The term "Assignment of Obligation" means to replace either contracting party of an obligation (creditor or debtor) by another, or to assign the legal bond between the creditor and the debtor to other people. In other words, it is to shift the obligation including all its components, warranties, and qualities from one contracting party to another person, referred to as "assignee".

There are two types of "Assignment of Obligation":

The first type is: "Assignment of Right", which is the transfer of the assignor's right by agreement from the original creditor (the "assignor") to a new creditor (the "assignee"). The assignment of right involves any personal rights whatsoever, of any nature or character, including transfer by way of security, deferred added benefits, conditional rights, and civil and commercial rights. The assignment of right is subject to certain requirements including the consent of the assignee and the assignor, regardless of the obligor's approval, since such change will not cause any extra burdens on him.

The assignment of rights requires a legitimate reason and might be made in lieu of consideration (sale), or without consideration (grant). By assignment, the assignor may tend to settle some debt due to the assignee, so the value of the transferred right will be deducted from his debt. Besides, such assignment requires the debtor's explicit or implicit approval, and such approval will be given at the same time of the assignment or thereafter. His approval may not be given previously, even if the debtor certifies, on the debt bond, his prior approval of right assignment to others. Hence, the purpose is to inform the debtor of the assignment of right, followed by his subsequent approval. The debtor's approval shall be limited to his acknowledgement of assignment without having a declaration from him about the assigned debt. Other conditions for assignment of right include that the debtor must be officially notified, by an official instrument served to him, at the request of the assignor or assignee.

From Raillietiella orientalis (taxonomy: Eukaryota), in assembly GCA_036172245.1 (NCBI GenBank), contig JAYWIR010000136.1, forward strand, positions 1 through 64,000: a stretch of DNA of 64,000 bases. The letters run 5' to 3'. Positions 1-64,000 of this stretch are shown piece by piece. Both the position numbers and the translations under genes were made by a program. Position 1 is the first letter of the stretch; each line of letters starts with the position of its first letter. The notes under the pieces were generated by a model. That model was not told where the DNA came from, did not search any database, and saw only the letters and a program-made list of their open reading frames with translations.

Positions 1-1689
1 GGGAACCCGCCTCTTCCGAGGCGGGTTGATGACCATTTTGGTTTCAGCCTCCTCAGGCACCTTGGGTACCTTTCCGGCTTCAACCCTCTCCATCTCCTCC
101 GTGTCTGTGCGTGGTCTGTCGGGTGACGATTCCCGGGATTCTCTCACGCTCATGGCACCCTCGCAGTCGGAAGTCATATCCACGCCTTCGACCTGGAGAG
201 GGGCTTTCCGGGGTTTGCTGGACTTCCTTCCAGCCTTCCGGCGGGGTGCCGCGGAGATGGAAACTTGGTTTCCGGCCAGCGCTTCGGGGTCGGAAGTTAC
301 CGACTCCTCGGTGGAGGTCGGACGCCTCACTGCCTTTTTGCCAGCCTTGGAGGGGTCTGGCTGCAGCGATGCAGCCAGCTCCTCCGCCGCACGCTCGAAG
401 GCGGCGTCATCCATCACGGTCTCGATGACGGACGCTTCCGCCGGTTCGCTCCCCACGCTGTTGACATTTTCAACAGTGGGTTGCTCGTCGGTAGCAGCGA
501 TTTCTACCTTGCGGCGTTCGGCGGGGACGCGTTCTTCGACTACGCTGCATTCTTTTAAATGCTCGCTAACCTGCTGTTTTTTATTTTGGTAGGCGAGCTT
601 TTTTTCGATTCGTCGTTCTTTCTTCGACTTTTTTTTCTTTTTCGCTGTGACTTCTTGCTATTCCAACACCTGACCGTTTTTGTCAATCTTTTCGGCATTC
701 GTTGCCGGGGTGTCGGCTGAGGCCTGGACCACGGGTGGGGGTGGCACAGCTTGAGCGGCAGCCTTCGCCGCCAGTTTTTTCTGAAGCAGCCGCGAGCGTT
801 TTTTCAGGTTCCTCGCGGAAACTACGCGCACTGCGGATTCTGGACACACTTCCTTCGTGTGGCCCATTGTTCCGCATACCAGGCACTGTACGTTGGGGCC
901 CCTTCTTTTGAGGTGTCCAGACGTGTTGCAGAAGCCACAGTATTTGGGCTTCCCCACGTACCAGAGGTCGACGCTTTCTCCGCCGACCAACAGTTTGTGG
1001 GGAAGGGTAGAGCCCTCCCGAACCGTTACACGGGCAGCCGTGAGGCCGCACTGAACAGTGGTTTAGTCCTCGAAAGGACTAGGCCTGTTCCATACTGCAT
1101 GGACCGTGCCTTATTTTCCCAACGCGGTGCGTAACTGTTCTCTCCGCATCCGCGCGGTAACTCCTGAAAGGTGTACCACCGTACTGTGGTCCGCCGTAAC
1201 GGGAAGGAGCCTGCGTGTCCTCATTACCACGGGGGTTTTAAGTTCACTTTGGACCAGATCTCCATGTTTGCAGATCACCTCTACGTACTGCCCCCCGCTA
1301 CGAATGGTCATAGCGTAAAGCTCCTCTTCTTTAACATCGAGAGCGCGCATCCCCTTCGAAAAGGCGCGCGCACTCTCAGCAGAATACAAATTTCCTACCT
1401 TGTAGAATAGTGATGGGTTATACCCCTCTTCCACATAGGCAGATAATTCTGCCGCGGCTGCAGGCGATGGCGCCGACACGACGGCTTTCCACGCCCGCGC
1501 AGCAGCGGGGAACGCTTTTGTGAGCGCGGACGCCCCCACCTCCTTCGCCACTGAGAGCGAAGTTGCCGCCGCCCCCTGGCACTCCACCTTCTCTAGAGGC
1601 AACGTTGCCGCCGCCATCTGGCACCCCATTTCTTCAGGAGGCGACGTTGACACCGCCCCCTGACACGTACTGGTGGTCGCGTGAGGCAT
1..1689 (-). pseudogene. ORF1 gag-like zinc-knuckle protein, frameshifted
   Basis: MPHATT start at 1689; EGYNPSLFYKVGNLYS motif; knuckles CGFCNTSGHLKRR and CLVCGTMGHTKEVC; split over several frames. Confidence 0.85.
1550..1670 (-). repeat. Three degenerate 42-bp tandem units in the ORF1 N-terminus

In fact, the assignment of right has a prominent importance and various benefits. The assignor (creditor) may wish to make a lien on his rights to the assignee (the new obligee) especially if his rights were deferred and was in need of cash money but does not want to sell his right. The assignment of right is permissible under the four sects of Islam but its subject is not unanimously agreed upon. For example, some approve assignment of gold and money, but prohibits assignment of food.

The second type tupe is:  "The assignment of debt"; in other words, it is the assignment of the burden of debt, by agreement, from the original debtor "assignor" to a new debtor "assignee". In other words, it is an agreement under which the debt is assigned from one debtor to another who will be fully responsible for the whole debt. As per the definition above, the assignment of debt entails three parties: the assignor (original debtor), the assignee (obligor) and the obligee (creditor). The assignment of debt has two kinds: restricted assignment and absolute assignment. The restricted assignment involves repayment from the assignor's funds owed to him from the assignee, while the absolute assignment is to settle money from the assignee's funds.